A flock of flamingos flies in a pond during a government-imposed nationwide lockdown as a preventive measure against the spread of the COVID-19 coronavirus, in Navi Mumbai on April 20, 2020

  • Flamingos have flocked to Mumbai earlier than they're normal migration time, CNN reported.
  • Last year a record 134,000 flamingos were counted in the area but this year 125,000 had already been counted before the coronavirus lockdown disrupted tracking efforts.
  • Flamingos are not the only animals flocking to places as humans stay inside to limit the spread of the coronavirus.
  • Visit Business Insider's homepage for more stories.

As India remains under lockdown, flamingos are flocking to Mumbai, CNN reported.

Rahul Khot, assistant director at the Bombay Natural History Society (BNHS), which monitors the flamingos, told CNN that flamingos typically migrate to Mumbai from September through May.

Take a look at the swarms of Flamingos across Mumbai.

Residents say they're spotting a lot more flamingos than usual, with large numbers of the birds relaxing around the mudflats of Thane Creek.

Source: Science Times

Some experts believed that since people are at home and not moving around as much, that created an opportunity for more flamingos to migrate and have access to food.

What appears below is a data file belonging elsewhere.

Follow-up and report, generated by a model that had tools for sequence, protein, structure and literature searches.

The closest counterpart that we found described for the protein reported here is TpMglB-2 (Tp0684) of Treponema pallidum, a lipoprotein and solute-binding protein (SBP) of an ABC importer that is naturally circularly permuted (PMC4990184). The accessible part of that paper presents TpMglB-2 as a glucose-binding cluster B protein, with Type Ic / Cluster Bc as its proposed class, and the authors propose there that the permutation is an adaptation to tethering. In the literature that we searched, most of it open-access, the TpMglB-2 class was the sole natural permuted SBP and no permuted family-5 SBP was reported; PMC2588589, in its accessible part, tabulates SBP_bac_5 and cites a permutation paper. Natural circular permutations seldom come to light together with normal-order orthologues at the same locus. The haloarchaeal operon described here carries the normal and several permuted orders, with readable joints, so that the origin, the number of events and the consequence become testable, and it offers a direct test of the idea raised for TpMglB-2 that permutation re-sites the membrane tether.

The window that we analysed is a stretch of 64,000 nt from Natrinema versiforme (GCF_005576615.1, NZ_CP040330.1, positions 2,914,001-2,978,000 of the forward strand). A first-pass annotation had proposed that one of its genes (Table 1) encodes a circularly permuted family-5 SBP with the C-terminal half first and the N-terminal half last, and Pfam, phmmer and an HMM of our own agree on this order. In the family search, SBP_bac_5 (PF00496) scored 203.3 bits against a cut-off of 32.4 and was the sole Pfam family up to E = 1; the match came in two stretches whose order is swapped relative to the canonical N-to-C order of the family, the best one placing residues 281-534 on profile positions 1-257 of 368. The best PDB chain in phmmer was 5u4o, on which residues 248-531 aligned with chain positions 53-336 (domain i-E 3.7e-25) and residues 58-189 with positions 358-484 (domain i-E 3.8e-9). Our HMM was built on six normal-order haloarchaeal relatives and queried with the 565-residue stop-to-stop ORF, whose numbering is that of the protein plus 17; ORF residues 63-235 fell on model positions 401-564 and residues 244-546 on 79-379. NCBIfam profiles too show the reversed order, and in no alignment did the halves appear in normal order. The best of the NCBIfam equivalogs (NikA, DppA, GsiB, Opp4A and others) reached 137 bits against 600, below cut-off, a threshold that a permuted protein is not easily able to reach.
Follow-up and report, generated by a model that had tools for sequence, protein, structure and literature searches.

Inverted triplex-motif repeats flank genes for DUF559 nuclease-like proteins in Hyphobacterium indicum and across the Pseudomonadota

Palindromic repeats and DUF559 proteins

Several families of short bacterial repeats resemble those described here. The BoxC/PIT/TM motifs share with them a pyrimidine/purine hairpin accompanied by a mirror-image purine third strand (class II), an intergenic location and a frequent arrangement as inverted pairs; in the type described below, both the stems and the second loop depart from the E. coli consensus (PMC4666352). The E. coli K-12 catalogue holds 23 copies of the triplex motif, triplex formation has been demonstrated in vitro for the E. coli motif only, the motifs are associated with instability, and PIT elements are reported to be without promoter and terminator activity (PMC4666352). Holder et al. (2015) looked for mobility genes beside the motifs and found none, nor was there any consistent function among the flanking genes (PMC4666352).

Source: Science Times

The Bombay Natural History Society said they've already seen a 25% increase compared to last year.

Source: Science Times

Apparently, the birds are also spreading to wetlands and expanding where they go.

Rahul Khot, assistant director at the Bombay Natural History Society, told CNN that flamingos in wetlands are a rarity, but they're migrating there this year.

"They are being reported from places where they have earlier been reported less in number because there is no human activity there now," Khot told CNN.

Some of the areas, such as the Thane Creek and the Talawe wetland, where the flamingos have been spotted in large numbers, usually have a lot of construction and fishing.

Source: Science Times

Flamingo migration is not the only environment change Mumbai has seen since the lockdown went into effect, the air quality has also improved.

According to CNN, Mumbai experiences the best air quality "on record" in March.

The metrics came from a recent analysis by IQAir, a global air quality information and tech company.

Wild animals all across the world have been taking advantage of humans being cooped up at home.

Wild turkeys took over a playground in California and goats roamed the streets of a Welsh town, Business Insider previously reported. One flock of sheep even thought it would be a good time to visit McDonald's.

Many countries across the globe have some sort of lockdown measure to curb the spread of the coronavirus, as more than 3 million cases have been recorded and over 238,000 people have died.

Source: Business Insider

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